More Columbian Santarosano Chorizo (St. Rose Sausage)

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The last time I attempted to follow I I-am-Chorizo 's recipe, I minced the meat a bit too much. So I wanted to try a batch that really has chunks of meat in it. I also wanted to experiment on a lot of other things:
  1. How a dice of half the meat impacts this recipe
  2. Fine-T collagen casings. I'm hosting a sausage party and I'm considering using a hot-dog roller to have a lot of sausage readily available. The idea being to make a fine-quality sausage but put into a straight casing so it can work on the roller. I ordered 30mm Fine-T casings to test this out. I want to see how the compare against natural, and will split into cohorts and cook differently to try out. .
  3. Leveraging granulated garlic instead of roasted garlic.
  4. Increasing spice amounts (generally following D Dave in AZ 's recipe except for the wine and cherry tart powder for my antioxidant).

Here's how it goes:
1718079859730.png


The above is the pre-grind chunks and the diced meat. I did try to show a preference to dicing lean out of habit and because it simply felt like the right thing to do for "show meat."

This is from pork shoulder butt, but it looked a tad lean so I supplemented with 70g of pork back fat for a total of 1000g meat (was 1070, but I lost 70 in the grinder, which worked out fine for me).

1718079997747.png


Here's how it looks after the grind (500g dice, 500g ground), with the ingredients and prepped casing.

The amounts per 1000kg I used were:
  • 15g salt
  • 1.5g black pepper
  • 2.3g paprika
  • 4.4g granulated garlic
  • 15g green onions
  • 7g cilantro
  • 2.5g cure #1
  • 0.5g sodium erythorbate
  • 0.4g cherry tart powder (subbing for ascorbic acid from D Dave in AZ recipe translation)
  • 30g water (subbing for Wine from D Dave in AZ recipe translation)
1718080292347.png


Normally when I add minced meat, I add a bit of binder, but since it's not in this recipe, I didn't use it and paid extra care with protein extraction.

1718080316139.png


The paddle mixer didn't do as well as it normally did. Possibly because less water than usual at 30g or possibly because of large chunks. I added another 10g of water to no avail, so I got in there with my hands to finish the job. Looks extracted.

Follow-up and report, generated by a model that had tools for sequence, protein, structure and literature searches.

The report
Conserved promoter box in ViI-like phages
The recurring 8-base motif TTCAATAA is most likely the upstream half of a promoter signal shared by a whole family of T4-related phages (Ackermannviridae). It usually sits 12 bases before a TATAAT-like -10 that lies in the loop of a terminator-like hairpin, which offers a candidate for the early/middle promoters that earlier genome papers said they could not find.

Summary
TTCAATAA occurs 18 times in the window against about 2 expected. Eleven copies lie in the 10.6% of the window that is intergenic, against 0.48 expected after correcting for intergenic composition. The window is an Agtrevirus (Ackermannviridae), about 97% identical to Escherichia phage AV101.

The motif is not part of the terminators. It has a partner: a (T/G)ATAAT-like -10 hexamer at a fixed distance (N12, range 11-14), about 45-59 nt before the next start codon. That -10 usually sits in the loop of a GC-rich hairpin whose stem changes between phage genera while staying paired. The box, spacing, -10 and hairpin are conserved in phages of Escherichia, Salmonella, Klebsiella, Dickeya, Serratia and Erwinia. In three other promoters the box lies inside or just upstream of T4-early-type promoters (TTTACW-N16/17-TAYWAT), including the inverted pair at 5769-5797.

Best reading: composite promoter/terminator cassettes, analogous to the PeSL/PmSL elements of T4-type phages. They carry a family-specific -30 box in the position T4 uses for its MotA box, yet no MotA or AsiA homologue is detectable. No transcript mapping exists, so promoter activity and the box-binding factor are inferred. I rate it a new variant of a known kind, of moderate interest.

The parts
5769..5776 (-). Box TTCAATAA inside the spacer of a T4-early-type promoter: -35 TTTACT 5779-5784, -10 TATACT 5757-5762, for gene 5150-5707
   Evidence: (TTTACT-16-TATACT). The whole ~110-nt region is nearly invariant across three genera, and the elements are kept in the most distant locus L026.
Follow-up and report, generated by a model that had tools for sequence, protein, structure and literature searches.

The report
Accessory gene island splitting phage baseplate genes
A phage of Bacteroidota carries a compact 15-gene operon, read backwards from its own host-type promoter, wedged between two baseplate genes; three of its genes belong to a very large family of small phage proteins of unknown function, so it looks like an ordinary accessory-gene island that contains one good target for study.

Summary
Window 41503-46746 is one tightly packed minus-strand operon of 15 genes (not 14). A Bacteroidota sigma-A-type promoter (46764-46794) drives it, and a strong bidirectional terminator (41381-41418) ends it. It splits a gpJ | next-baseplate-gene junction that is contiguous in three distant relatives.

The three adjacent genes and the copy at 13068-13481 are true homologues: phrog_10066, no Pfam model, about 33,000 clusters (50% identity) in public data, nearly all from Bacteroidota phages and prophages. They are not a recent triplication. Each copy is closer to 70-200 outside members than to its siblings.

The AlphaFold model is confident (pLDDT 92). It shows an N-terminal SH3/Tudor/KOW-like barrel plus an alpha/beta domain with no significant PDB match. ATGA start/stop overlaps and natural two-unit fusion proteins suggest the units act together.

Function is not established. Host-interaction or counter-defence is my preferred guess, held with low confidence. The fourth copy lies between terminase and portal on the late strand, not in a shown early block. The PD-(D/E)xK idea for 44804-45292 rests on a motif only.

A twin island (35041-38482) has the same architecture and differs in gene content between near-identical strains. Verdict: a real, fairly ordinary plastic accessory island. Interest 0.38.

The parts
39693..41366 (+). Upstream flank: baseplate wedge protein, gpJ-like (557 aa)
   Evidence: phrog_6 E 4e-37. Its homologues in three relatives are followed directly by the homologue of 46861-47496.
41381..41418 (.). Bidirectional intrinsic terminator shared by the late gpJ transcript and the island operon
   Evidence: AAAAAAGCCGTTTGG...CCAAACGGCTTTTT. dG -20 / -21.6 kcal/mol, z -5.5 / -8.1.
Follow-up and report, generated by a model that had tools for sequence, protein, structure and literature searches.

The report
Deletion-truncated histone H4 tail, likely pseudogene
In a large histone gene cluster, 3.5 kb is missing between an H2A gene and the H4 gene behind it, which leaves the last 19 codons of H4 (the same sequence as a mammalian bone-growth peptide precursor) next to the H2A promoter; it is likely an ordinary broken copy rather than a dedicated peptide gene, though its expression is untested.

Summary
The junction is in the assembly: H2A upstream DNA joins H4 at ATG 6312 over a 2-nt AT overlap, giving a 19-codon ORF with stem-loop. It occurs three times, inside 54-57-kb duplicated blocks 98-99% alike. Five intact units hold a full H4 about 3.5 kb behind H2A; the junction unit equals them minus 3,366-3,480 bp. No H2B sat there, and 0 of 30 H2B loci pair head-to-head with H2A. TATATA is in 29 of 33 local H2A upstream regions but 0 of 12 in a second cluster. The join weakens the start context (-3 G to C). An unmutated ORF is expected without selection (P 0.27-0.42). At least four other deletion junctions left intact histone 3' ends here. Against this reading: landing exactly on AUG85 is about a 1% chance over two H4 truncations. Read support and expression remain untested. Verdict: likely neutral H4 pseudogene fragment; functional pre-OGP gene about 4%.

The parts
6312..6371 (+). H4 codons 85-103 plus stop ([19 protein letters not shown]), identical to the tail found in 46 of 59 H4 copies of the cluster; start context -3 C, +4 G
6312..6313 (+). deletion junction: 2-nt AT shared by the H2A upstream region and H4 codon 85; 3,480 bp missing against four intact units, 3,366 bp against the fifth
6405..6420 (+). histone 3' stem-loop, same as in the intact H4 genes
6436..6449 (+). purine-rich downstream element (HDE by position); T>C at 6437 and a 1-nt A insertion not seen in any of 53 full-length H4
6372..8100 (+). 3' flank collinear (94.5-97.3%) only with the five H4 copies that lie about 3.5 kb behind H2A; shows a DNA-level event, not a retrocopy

1718080421674.png


I then stuffed into the natural casing and Fine-T casing (since I was going to experiment more with Fine-T, that's why I did more of that one).

1718080488313.png


Here's the obligatory post-stuffing patty burger:

1718080525335.png


Since I had more fat in the dice than I usually allow for, I was worried at this point that I would bit into some unappetizing gristle or whatever but it was delicious as usual. The chunks of meat added a bit of extra texture that I liked and felt appropriate. I think the dice worked!!

However, I did find that the garlic flavor was a bit more muted than last time. I think I'll go back to the roasted garlic. As for the increased spice amounts, I think as the spices stand out more, the cilantro / green onions stand out less. I think this is slightly less ideal, as I really liked the "pop" of the fresh ingredients. That being said, they also get more muted anyways as the sausage ages, so I'm on the fence. I think there's a sort of beauty with this recipe with the fresh ingredients on one side contrasting with a typical well-flavored sausage -- I love the duality there, so I sort of want the fresh ingredients to remain strong (which is why I skip the wine). That being said, I think it's in the realm of preference. Either way, with more or less spice it's still really good.

Letting them rest overnight in casings and will smoke em tomorrow.